Browsing named entities in HISTORY OF THE TOWN OF MEDFORD, Middlesex County, Massachusetts, FROM ITS FIRST SETTLEMENT, IN 1630, TO THE PRESENT TIME, 1855. (ed. Charles Brooks). You can also browse the collection for Benjamin L. Swan or search for Benjamin L. Swan in all documents.

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ooks1814 Jonathan Porter1814 John P. Bigelow1815 Convers Francis1815 Charles Brooks1816 William Ward1816 Sidney Brooks1819 Thomas Savage Clay1819 William H. Furness1820 Edward B. Hall1820 George B. Osborn1820 John Angier1821 Ward C. Brooks1822 Caleb Stetson1822 Charles Angier1827 Elijah N. Train1827 John James Gilchrist1828 Joseph Angier1829 Charles V. Bemis1835 George Clisby1836 Thomas S. Harlow1836 Thompson Kidder1836 Andrew D. Blanchard1842 Horace D. Train1842 Benjamin L. Swan1844 Hosea Ballou, 2d1844 Timothy Bigelow1845 Sanford B. Perry1845 James A. Hervey1849 Albert F. Sawyer1849 Thomas Meriam Stetson1849 George D. Porter1851 Peter C. Brooks1852 Gorham Train1852 Samuel C. Lawrence1855 Medford once had eight under-graduates, at the same time, in Harvard College. Physicians. For many years the inhabitants of Medford employed the physicians of the neighboring towns; and there was small need of medicine where all had simple diet, fresh air,
dge. This was voted in the affirmative. When the circular stone windmill, now standing on Quarry Hill, in Somerville, was built, the inhabitants of Medford carried their grain there. Before the Revolution, the mill was converted into a powder-house, and has been used as such to our day. 1730; Mr. John Albree built a mill upon his own land, on a branch of Marble Brook. It stood about six rods west of Purchase Street, on land now owned by Mr. P. C. Hall, where it joins the land of Mr. B. L. Swan. The supply of water was small, as the present banks indicate. There he, and his only son Joseph, wove cloth by water, prepared wool for spinning, and had lathes for turning wood. His house, of two stories, which he built, stood about six rods north-east from his mill. The mill stood more than forty years, and was once used for the manufacture of pomatum and starch. 1746: This year the tidemill, near Sandy Bank, was built; and it was the first of the kind in that part of the town.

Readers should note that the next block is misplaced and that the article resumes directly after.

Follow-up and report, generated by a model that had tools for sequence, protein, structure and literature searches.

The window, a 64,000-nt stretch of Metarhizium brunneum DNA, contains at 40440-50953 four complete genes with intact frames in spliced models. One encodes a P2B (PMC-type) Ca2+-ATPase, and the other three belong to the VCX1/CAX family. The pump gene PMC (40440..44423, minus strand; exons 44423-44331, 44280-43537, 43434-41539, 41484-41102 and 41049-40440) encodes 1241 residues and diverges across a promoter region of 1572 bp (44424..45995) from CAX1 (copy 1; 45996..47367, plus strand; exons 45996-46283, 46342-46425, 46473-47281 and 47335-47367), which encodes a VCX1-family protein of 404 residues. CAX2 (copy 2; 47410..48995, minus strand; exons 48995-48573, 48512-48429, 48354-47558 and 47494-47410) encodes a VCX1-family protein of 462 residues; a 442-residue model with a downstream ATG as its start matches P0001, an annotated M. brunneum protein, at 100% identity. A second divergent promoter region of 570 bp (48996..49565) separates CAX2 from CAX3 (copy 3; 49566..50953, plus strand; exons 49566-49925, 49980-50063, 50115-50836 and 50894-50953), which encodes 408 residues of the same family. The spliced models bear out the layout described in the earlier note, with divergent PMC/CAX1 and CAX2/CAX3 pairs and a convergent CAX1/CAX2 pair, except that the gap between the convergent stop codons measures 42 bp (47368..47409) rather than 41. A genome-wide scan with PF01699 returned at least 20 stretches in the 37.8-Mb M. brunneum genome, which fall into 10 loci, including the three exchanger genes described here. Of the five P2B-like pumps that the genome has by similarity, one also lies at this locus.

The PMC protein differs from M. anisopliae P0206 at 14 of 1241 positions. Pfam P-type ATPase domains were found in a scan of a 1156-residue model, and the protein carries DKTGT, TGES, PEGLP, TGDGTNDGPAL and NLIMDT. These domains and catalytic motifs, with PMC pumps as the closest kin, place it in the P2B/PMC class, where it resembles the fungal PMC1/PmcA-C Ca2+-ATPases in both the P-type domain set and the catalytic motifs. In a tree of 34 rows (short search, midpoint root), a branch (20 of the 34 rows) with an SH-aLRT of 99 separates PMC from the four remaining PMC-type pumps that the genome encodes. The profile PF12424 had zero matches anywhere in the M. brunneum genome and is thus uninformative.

enty-two acres; which, by three subsequent purchases, was enlarged to one hundred acres. It was much of the farm now occupied by Mr. Peter C. Hall. There was a gristmill upon it, on the west side of Purchase Street, contiguous to the land of Mr. B. L. Swan. He enlarged the mill by an addition of a weaver's shop. Here he worked, and grew comparatively rich. His grandson told us, that, in 1785, the stream that fed the mill failed; and that he then removed the mill and shop, and filled up the fs. 2-7Joseph Swan was a merchant, educated in the counting-room of Hon. William Gray. He m. Ann Rose; and d. Jan., 1853, leaving--  7-17Joseph, m. Elizabeth Bartlett.  18William R., d. 1854.  19Ann R., m. Peter C. Hall.  20Timothy. 2-9Benjamin L. Swan m. Mary Saidler, and had--  9-21Benjamin L., m. Caroline Post.  22Edmund H., m. Julia Post.  23Mary, m. Charles N. Fearing.  24Otis Dwight, m. Margaret Johnson.  25Frederic.   Elizabeth Swan m. Ezra Skinner, Jan. 8, 1724.   Ruth